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“We’re still incredibly proud of this record” says Elbow frontman Guy Garvey, having dissected the reissue of Asleep In The Back for DiS. It’s easy to see why. Whilst 2008’s Mercury-bagging The Seldom Seen Kid may have sent the group truly stratospheric, it was merely a furthering of their wonderful ability to convey poise and grandiosity amidst the humdrum backdrop of a Northern town. The group’s 2001 debut album, in many ways, remains a template for the much loved five-piece. Re-released this week with added bells and whistles in the shape of 1998 EP Noisebox, some live recordings and Lamacq sessions, the band's avuncular leader here offers a track-by-track reminiscence on where it all began.
Any Day Now
‘Any Day Now’ reflected our feelings of wanting to leave our home town Bury and go and see the world. In order to follow our career in the band none of us went to university, and so this song is about wanting to get out of there. Musically it owes a lot to DJ Shadow and trip hop; Massive Attack, Portishead etc, we're huge fans of that.
This was about a concern for a friend who was doing too much speed, to the point where I worried how it was going to turn out for her. She’s fine as it turns out.
‘Little Beast' is about growing up in Bury, not being a fighter, and occasionally being in dangerous environments. When there's nothing to do in a small town apart from what’s expected of you, you can get caught up in it all. My favourite lyric is "the whole town's dripping down a hill like the spine of something dead". There's actually a mill town north of Bury where the street layout looks like the spine of a dinosaur coming over the hill.
I saw a couple who were both withdrawing, from whatever it was they were addicted to, in Dry Bar one day. I noticed a tenderness between the two, despite them obviously being strung out; it was a very romantic, but a rather dark, situation.
Bitten By The Tailfly
‘Bitten By The Tailfly’ is about ritualistic Friday and Saturday night pursuits in the centre of Manchester. It’s about the 'find a girl or have a fight' culture that exists in most cities on a weekend; the tribal nature of it is something I love. I was completely leathered, drunk out my skull when I recorded the vocal for this, and the sound / crowd you can hear are the good people of Bury piling out of a night club. Craig [Potter] recorded it from the front seat of his car.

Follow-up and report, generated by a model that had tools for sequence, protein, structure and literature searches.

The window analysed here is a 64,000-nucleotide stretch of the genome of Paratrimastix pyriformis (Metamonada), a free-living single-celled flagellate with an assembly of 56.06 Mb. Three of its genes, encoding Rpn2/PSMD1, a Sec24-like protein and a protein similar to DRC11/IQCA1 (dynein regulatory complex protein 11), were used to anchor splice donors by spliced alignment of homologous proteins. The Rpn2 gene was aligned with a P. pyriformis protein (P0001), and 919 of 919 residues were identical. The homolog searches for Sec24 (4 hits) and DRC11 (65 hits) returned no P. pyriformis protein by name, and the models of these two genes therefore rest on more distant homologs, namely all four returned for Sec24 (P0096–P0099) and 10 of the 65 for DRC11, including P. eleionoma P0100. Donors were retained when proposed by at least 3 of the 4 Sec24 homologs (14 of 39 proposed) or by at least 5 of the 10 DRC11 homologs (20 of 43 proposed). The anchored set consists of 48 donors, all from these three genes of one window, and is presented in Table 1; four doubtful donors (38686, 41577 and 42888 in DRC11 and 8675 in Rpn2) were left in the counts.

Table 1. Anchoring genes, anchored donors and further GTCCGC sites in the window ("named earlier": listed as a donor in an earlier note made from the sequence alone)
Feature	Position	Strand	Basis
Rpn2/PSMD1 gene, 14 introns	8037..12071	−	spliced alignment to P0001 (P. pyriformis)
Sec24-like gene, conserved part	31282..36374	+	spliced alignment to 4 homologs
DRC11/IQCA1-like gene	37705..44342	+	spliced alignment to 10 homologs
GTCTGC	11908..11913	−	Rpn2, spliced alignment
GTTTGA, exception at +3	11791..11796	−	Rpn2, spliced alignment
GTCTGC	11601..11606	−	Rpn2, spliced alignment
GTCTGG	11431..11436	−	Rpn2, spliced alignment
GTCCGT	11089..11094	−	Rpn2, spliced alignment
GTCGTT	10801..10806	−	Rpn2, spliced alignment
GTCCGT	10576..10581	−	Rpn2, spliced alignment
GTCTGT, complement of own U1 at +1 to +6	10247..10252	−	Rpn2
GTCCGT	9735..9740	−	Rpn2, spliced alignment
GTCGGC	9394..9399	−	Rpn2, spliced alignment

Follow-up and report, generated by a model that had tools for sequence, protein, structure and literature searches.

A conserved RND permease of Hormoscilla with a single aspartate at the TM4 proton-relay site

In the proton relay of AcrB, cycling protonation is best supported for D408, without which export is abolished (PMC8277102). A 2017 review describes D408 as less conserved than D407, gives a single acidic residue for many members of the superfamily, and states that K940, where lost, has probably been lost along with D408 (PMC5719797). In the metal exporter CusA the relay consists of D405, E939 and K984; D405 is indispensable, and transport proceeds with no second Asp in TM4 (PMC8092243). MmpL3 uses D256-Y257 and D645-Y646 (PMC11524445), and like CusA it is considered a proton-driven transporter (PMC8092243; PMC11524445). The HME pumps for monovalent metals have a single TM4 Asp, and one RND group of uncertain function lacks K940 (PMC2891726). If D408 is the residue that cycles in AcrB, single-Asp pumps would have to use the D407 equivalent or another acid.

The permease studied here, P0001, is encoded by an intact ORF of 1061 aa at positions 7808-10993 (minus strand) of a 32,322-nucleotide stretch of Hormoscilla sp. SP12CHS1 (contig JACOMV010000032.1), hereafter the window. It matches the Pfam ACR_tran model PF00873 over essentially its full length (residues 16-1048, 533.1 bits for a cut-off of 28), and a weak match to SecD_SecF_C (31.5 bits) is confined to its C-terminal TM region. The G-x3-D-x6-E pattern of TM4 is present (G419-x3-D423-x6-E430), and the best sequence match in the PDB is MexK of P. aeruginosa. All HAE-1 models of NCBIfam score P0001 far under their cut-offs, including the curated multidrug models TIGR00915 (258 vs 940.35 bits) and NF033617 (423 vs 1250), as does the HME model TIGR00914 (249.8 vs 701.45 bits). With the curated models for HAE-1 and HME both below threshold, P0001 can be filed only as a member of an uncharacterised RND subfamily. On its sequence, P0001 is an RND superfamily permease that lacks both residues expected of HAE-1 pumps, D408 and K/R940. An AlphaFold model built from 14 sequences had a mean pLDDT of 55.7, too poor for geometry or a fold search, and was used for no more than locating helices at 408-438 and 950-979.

Asleep In The Back
We only added this after the album was finished, bizarrely. Quite often when you're in love you find yourself testing your partner in the early stages of a relationship; telling them all the naff things about you, the dark stuff about you - almost testing how far their love goes (at least I used to do so). It was wonderful working with Ben Hillier, and this track, I think, is sonically one of the most interesting we did with him.
An old friend; it’s still the song that’s in the live set all these years after its release. It’s a love song really, despite its dark images: “I'll be the corpse in your bath tub” etc. It was complicated to write, and we were trying to mimic an orchestra whilst doing so. Love that tune.
Video: Elbow: 'Newborn'
Don't Mix Your Drinks
Not great advice if you want to get drunk. This was about the fact that you don’t take advice if you're going to follow a career in music. It goes against everything your parents want for you, as it’s such a shaky business.
Presuming Ed (Rest Easy)
This was written in a little house in France, I remember my sister coming to visit, and walking up the country lane with her from the local village. Lyrically it’s simple; just telling a friend, who's worried about an imminent child arriving, that everything will be fine.
‘Coming Second’ is just plain old bitterness at not winning the hand of a fair lady; it’s quite a bitter lyric actually, some nasty things in there. This is a great live tune.
One of the earliest ones we wrote that ended up on the album. I originally played the drums on it, but Jupps [Richard Jupp] was much better than me.
Scattered Black and Whites
It’s still considered the best song we've ever written by lots of fans, and I can’t say I disagree. It’s memories, snapshots of childhood mixed together in the same way I used to mix together black and white photographs on the floor, to mix up my memories and find inspiration.
Video: Elbow: 'Scattered Black and Whites' (live)
The Noise Box EP
This was our first official release as Elbow; we put them out one-by-one on our managers’ computer; there’s still a lot of affection for it - I remember us being over the moon at selling 15 copies in Piccadilly Records on Oldham Street. ‘Theme From Munroe Kelly’ was about a character from a terrible B-movie called 'Congo'. We found him hysterically funny, but he's a very suave man so we gave him a theme tune.
Live Recordings; Astoria - October 2001
This was a big deal. I remember the Astoria feeling huge, but it was a great venue. I loved these performances; we'd been playing this set for a while and we're really in our stride here. It was a really energetic night.
Steve Lamacq Session
Steve has always been a good friend to the band; these three tunes were done pretty raw on his show. All we were thinking about at the time was the fact that the nation was listening, I didn’t think we'd get to release them. Many thanks to BBC and Radio 1 for letting us use these.
Asleep In The Back (Deluxe Edition) is released today on Polydor.
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